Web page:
U.S. Stock Futures Advance as Trade Talks Set to Restart
(Bloomberg) -- U.S. stock-index futures ticked higher Friday as vice ministers from the U.S. and China prepared to hold trade talks and the U.S. House of Representatives passed legislation in an effort to end a government shutdown.
S&P 500 Index futures contracts expiring in March rose as much as 1.1 percent after the underlying gauge slumped 2.5 percent on Thursday. Futures contracts on the Dow Jones Industrial Average and Nasdaq 100 gained as much as 1.5 percent and 1.1 percent, respectively.
European equities followed through with the Stoxx Europe 600 Index gaining as much as 1%, led by trade sensitive shares such as miners and autos. Oil companies also rallied after a jump in crude prices. WTI crude rose as much as 1.7%. Banks joined the top performers of the gauge as risk sentiment improved.
After a choppy start, futures contracts rose as positive sentiment emerged from China. The Caixin China December services and composite Purchasing Managers’ Indexes were more expansionary than expected and Beijing confirmed vice-minister level trade talks with the U.S. will begin Monday. Hong Kong’s Hang Seng Index and Shanghai’s benchmark both climbed as much as 2 percent.
“They get people all excited and it can lead to some warm statement,” said Chris Beauchamp, chief market analyst at IG Group Holdings Plc. “But we’ve been here before and it’s really is one of those cases where there’s hope for a dawn, and there’s no real development.” At the same time, there are also hopes that Federal Reserve chair Jerome Powell “might do something to sooth tensions across equity markets,” he added.
Adding to the positive mood, the U.S. House passed a bill to fund eight of nine government departments that have been shuttered for almost three weeks amid a protracted battle between President Donald Trump and Democrats over funding for a border wall. Market watchers are now awaiting the December non-farm payrolls report and Powell speaking in Atlanta.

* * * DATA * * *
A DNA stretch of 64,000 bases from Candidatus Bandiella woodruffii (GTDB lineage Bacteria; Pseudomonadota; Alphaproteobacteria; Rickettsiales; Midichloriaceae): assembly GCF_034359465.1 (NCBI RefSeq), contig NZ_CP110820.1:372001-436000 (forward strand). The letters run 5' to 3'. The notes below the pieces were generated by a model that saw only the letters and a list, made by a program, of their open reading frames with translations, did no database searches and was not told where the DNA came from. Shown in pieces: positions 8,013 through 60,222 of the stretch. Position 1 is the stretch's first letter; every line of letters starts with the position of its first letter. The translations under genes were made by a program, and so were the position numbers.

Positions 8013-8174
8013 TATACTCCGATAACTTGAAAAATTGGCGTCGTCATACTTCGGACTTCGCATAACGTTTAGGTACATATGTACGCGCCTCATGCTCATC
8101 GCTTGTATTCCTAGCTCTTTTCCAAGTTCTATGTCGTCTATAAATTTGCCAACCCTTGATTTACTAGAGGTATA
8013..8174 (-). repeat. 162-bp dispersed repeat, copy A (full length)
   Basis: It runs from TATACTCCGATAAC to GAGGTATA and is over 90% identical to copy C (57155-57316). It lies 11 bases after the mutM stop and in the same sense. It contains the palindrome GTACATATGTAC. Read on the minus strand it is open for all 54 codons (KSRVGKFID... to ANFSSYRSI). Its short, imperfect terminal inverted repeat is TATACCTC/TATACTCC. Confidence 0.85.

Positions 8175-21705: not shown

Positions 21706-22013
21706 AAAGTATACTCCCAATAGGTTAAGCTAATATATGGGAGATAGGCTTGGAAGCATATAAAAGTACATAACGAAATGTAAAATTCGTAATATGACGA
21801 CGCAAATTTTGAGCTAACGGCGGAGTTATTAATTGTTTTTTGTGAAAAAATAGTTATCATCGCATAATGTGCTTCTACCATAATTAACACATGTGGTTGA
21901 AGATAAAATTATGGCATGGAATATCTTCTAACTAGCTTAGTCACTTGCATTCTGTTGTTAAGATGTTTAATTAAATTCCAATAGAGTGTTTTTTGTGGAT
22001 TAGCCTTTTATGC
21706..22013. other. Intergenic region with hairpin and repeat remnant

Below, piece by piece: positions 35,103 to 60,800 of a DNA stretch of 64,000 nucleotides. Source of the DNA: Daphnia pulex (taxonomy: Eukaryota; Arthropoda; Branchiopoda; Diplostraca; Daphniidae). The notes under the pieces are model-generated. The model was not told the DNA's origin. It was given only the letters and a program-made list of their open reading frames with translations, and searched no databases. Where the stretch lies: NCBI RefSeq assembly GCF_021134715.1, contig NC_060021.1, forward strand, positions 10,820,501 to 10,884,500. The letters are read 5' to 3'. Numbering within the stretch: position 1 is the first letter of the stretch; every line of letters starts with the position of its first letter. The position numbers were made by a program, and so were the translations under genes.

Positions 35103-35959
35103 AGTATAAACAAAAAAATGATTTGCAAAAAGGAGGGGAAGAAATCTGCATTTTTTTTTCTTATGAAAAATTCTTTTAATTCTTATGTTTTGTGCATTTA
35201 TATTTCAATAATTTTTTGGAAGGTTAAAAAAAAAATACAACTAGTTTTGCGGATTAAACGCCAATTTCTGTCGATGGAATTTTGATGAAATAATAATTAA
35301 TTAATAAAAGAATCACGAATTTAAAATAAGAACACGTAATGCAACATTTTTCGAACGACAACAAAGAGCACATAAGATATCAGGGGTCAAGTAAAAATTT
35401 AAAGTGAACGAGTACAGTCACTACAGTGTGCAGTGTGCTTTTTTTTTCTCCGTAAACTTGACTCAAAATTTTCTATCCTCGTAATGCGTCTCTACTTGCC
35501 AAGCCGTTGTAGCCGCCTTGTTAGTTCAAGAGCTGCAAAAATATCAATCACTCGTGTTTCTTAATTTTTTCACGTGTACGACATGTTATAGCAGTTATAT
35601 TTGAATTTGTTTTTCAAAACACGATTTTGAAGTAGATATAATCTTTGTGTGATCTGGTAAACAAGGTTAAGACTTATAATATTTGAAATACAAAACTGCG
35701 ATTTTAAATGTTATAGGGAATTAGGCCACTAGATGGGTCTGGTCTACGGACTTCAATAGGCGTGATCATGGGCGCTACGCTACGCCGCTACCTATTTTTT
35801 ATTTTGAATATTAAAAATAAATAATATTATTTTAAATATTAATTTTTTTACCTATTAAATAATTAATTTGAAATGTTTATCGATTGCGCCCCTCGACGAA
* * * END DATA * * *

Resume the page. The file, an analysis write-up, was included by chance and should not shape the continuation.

The partial U.S. government shutdown is likely to push toward its third week after Trump remained steadfast in his demands for $5 billion for a wall or barrier in a surprise news conference flanked by members of a border patrol labor union. The White House threatened to veto any spending bill that would reopen the government and deny funds to the president as it can’t accept legislation that funds wasteful programs while ignoring “urgent border security needs.”
Read more on House Speaker Nancy Pelosi’s views on the border wall
Thursday’s drop in the S&P 500 Index only heightened investor angst seen last year as fears of a recession crept up. Washington’s political malaise is adding to frustration.
“The shutdown does weigh on the markets, even though I don’t get it. It’s not like the whole government shuts down,” said Bryce Doty, senior vice president at Sit Investment Associates. “It’s not necessarily about the government shutdown -- they’re quibbling over $5 billion when you have a deficit of over a trillion. Is this symbolic of what’s to come?”
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